27 January, 2017
Celebrate Vasant Panchmi with Rava Kesari or Shira
Vasant Panchami or Basant Panchami is a festival celebrated in with different traditions in different regions of India.
“Vasant” literally means “spring” while “Panchami” means “fifth.” This festival is celebrated literally on the fifth day of spring or Magh Shukla in accordance with the Hindu traditional calendar.
Although this festival was originally associated with Kamadeva (the god of love and physical attraction) it now more commonly centred around the goddess Saraswati. Saraswati is the embodiment of knowledge, learning, wisdom, fine arts and technology. She is worshipped, especially is East India and Bengal, in the hopes of blessings in these fields. Hence another name is Shree Panchami.
Vasant Panchami also falls exactly 40 days prior to the major festival of Holi. The significance of these 40 days has a mythological background. After Kamadeva shot Shiva in the eye with his arrow of love, he was reduced to ashes by the angry deity. So, his wife Rati performed penance for 40 days. In many parts of the country, before these 40 days, an effigy of the demoness Holika is placed in a public area. In the days leading up to Holi, the faithful add twigs and logs to help build a pyre around her. On the night of Holi, the bonfire is lit, signifying the triumph of good over evil.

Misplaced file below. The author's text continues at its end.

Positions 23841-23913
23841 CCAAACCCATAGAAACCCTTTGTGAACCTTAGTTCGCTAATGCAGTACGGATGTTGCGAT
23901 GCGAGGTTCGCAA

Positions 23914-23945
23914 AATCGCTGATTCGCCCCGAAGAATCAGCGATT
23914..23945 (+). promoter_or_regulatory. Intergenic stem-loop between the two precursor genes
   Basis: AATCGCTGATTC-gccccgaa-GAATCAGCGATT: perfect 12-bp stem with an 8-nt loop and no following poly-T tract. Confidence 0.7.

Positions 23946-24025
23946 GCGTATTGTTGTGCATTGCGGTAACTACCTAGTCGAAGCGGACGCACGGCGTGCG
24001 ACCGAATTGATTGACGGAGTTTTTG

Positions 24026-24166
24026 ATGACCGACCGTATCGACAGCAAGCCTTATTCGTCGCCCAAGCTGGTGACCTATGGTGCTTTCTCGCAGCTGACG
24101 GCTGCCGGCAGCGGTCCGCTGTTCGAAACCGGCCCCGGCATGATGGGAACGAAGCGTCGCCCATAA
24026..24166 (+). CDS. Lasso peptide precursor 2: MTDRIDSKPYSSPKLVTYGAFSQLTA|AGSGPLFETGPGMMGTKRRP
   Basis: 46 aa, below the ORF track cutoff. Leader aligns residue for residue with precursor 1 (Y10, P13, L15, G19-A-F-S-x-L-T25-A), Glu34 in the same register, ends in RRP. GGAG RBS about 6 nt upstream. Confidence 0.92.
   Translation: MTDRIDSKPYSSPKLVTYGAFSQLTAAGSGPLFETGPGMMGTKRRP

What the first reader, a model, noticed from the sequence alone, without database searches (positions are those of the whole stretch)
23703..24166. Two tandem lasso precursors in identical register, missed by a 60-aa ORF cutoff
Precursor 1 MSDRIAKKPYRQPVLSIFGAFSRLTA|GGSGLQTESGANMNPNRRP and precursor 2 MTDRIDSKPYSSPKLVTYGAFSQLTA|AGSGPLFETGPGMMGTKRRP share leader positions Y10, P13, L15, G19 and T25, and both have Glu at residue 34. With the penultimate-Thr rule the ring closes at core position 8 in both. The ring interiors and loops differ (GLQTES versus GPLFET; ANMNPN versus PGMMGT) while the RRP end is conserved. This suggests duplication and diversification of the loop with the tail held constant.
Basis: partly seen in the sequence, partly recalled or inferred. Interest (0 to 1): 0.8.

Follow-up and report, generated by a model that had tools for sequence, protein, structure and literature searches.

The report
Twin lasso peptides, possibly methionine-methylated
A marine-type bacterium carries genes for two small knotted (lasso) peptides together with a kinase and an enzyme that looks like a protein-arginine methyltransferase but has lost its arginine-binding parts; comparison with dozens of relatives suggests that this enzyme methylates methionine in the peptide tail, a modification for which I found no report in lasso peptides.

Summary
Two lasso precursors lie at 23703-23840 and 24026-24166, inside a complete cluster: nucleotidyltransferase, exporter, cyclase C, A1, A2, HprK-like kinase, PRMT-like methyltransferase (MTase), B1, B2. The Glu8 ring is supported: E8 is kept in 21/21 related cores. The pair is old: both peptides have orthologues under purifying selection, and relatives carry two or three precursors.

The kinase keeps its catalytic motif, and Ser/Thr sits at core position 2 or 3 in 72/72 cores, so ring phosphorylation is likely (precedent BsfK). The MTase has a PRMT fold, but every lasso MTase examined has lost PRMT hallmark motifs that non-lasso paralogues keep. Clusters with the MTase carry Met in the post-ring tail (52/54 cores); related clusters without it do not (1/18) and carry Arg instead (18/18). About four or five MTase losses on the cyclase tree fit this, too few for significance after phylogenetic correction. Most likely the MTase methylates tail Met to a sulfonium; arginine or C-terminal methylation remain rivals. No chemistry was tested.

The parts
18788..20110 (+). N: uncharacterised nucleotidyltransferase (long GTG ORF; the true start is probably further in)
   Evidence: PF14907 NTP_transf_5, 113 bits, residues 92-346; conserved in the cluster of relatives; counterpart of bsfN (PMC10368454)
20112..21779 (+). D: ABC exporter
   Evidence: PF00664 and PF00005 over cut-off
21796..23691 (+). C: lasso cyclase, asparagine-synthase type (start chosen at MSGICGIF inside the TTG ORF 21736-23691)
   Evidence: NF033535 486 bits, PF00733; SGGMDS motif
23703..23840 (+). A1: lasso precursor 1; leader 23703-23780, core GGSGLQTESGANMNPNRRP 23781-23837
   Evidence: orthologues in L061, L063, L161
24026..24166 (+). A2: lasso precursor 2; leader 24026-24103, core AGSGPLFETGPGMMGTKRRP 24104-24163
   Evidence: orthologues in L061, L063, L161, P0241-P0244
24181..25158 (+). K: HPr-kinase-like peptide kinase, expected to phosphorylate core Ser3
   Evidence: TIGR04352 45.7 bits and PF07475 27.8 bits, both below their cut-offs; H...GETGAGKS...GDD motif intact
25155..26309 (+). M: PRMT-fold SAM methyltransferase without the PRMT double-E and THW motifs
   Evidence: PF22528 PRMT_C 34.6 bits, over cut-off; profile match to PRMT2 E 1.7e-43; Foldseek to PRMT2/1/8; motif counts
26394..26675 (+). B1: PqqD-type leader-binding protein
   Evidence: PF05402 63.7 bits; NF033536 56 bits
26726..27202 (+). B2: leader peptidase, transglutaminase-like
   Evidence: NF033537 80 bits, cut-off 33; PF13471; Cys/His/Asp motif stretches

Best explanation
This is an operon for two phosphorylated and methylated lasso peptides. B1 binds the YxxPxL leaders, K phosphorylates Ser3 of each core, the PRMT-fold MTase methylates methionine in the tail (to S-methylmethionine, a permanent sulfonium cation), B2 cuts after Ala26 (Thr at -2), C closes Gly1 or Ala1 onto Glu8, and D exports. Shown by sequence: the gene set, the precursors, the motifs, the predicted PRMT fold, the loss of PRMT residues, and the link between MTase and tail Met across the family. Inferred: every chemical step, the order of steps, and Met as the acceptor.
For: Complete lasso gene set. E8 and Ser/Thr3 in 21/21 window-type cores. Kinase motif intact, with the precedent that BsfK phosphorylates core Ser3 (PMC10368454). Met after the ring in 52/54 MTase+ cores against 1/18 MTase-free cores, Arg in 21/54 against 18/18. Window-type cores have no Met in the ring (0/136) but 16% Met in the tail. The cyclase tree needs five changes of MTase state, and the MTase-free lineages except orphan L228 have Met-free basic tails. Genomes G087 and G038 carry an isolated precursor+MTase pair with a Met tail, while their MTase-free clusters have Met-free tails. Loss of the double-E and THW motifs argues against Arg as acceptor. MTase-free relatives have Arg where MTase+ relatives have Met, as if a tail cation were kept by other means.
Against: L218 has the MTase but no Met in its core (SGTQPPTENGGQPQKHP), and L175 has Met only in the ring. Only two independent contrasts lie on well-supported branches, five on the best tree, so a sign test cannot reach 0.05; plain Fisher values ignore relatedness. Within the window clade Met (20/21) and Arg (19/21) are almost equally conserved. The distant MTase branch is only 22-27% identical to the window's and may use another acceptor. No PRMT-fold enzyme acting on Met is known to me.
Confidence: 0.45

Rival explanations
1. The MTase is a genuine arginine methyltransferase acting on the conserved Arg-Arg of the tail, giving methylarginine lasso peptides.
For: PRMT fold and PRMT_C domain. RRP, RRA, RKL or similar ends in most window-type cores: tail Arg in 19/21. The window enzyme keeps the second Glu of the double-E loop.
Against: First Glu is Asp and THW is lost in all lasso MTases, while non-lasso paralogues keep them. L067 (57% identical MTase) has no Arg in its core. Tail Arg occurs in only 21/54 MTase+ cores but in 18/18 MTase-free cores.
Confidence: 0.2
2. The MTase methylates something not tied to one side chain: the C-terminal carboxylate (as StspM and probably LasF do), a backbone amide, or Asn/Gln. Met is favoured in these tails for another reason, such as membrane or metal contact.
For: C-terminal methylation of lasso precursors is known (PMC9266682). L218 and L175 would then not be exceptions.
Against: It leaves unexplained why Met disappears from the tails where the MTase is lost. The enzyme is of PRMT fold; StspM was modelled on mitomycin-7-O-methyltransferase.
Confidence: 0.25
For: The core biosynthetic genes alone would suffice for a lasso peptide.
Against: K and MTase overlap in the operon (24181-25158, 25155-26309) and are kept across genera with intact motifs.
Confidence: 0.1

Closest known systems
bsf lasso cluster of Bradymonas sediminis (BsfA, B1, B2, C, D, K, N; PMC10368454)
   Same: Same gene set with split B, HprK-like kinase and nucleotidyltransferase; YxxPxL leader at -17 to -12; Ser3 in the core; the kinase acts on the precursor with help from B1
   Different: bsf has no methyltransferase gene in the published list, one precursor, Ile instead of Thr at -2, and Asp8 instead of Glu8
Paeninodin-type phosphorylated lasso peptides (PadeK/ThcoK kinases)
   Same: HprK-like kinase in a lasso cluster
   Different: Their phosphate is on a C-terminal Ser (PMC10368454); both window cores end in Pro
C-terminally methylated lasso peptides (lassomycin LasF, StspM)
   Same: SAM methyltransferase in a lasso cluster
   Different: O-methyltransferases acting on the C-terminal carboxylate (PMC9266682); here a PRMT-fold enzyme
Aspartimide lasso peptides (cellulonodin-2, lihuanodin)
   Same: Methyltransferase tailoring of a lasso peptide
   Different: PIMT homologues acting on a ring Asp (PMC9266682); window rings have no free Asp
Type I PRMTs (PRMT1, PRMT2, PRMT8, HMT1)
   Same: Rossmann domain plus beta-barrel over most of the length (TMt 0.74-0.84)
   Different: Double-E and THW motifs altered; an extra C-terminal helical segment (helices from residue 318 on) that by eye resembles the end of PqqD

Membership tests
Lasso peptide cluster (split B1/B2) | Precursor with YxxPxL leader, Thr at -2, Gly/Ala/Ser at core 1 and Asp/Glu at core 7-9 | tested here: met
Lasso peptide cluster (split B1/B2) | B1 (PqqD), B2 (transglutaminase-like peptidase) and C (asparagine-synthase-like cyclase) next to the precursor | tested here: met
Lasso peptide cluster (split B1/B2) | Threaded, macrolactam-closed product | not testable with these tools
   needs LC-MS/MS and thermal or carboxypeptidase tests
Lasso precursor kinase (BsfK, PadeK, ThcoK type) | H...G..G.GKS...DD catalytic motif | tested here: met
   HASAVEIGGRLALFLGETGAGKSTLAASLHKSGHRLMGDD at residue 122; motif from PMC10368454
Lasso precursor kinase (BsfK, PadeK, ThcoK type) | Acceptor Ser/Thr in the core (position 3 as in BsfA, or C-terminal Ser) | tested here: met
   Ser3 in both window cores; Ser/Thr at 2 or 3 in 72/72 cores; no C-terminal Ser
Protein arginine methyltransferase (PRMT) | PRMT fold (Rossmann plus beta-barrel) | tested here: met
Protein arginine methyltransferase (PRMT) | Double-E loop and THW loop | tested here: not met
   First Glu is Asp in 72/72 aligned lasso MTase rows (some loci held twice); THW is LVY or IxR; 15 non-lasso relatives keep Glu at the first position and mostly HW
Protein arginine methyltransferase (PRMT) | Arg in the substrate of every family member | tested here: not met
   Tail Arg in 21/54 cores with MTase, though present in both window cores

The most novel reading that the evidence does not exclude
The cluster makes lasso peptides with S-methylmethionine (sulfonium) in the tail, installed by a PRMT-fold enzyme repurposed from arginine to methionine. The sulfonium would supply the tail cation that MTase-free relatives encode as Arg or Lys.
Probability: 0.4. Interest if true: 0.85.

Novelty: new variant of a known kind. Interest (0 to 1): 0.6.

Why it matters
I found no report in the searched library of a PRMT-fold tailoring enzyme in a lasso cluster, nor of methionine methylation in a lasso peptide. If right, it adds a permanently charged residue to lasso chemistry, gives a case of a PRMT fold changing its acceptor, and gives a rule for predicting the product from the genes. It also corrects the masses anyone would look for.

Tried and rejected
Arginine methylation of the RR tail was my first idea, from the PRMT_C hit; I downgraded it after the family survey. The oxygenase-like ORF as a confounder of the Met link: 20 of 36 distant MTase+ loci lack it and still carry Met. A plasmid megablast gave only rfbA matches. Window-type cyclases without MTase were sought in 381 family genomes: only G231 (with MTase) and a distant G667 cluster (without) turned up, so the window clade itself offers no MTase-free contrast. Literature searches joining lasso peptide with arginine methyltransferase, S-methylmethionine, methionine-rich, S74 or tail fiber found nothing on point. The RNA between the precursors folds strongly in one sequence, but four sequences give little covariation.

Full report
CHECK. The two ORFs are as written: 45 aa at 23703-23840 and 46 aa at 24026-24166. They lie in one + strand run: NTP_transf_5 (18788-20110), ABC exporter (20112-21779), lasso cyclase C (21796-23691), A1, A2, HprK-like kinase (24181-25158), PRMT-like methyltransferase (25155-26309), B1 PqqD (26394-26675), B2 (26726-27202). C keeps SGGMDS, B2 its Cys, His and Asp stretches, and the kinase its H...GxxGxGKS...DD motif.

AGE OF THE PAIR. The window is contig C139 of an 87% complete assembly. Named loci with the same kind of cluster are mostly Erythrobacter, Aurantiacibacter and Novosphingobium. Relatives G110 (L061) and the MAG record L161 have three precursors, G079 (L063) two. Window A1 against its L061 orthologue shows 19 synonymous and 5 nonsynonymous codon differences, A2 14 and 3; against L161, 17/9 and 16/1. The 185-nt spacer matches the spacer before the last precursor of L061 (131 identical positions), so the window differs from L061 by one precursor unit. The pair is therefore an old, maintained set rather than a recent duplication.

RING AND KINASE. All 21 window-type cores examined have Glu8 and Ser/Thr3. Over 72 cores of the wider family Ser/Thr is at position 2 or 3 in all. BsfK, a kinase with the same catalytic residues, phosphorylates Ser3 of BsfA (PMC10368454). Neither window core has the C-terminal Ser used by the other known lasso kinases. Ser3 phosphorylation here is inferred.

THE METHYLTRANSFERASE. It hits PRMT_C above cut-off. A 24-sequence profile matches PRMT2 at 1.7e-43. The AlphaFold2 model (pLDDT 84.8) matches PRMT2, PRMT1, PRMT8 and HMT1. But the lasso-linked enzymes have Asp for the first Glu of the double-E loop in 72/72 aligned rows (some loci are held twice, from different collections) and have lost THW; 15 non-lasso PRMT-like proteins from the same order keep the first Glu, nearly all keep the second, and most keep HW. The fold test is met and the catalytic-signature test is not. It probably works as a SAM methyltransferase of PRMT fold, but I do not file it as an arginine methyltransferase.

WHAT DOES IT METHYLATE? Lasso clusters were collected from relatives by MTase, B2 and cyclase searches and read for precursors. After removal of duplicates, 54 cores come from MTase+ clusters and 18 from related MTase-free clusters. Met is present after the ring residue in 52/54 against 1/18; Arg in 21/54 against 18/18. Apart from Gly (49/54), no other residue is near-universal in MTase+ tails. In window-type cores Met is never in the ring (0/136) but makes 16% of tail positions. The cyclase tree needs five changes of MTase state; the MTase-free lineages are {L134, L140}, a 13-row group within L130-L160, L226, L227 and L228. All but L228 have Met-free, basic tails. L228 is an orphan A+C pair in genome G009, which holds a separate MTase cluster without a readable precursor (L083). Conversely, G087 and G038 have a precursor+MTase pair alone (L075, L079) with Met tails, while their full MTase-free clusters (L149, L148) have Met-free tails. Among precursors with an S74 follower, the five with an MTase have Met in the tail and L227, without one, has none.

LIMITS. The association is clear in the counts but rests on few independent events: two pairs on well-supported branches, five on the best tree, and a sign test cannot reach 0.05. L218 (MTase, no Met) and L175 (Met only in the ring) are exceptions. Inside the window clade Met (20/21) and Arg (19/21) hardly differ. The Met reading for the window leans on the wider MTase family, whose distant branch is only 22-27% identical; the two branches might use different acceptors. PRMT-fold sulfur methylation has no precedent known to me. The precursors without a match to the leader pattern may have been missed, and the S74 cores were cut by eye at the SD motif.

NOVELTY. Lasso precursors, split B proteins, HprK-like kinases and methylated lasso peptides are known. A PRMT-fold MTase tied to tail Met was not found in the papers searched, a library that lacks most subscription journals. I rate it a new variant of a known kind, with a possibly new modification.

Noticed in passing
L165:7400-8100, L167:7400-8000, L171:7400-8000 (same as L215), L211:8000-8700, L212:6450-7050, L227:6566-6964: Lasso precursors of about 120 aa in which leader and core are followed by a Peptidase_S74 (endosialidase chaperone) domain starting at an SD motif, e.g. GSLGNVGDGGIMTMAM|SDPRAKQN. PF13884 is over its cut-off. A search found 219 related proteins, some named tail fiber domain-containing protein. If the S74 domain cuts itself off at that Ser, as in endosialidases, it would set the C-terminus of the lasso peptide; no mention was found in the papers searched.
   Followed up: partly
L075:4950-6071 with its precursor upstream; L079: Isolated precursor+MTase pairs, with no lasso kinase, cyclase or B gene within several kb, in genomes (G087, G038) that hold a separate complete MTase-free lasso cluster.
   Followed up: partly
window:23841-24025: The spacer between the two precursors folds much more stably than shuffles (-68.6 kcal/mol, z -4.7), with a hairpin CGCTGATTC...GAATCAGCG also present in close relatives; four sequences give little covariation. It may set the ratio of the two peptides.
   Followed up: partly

The festival of Vasant Panchami is also related to harvesting. In places like Uttarakhand, in addition to Saraswati puja, the mother earth is also worshipped. Heaps of cow dung are placed in the fields topped with barley or wheat grains. In Gujarat, the people perform the folk form of Dandiya dance in the hopes of a good harvest. In Bihar and Bengal, the same is wished for by worshipping their plough.
In the state of Punjab, this festival transcends all faiths is celebrated as the Basant Festival of Kites. Over 200 years ago, Maharaja Ranjit Singh, began the tradition of flying kites (called patangs,) on this day. Children and adults alike make their own kites and fly these colourful contraptions all over the state. This is a major tourist attraction in the state.
The colour yellow has a great significance on this day. The colour yellow signifies ripening of fruits; crops. Yellow is the colour of the day and people wear yellow clothes, flowers are offered in yellow.
Since yellow plays a significant role on this day the foods offered too are yellow in colour. Here is what I gathered from the net
Indian festivals are incomplete without traditional sweets. Some popular sweets which are relished during Basant Panchami are:
From Uttar Pradesh, the land of exotic food: On the day of Basant Panchami in Uttar Pradesh, devotees offer prayers to Lord Krishna. The revered sweet which is offered to Lord Krishna here is kesari bhaat.
So for Vasant Panchami or Basant Panchami lets make something that is yellow in colour. While of course, you can try my Besan Ladoo, Sakhar Bhat, Kheer, the health conscious can make Moong Dal Kheer or make Chawal ke Kheer and add lots of saffron in case you do not want to add food colour.
While of course, you can make Rava Kesari or Shira. To make Shira, you need not wait for an occasion. It’s an eat anytime snack, dessert all rolled in one. In Karnataka it is called Sajjige, Maharashtra you will call it Sheera or Shira, North India Sooji ka Halwa and Poori Halwa is a breakfast item. If that is not enough then in Europe and US Semolina Pudding.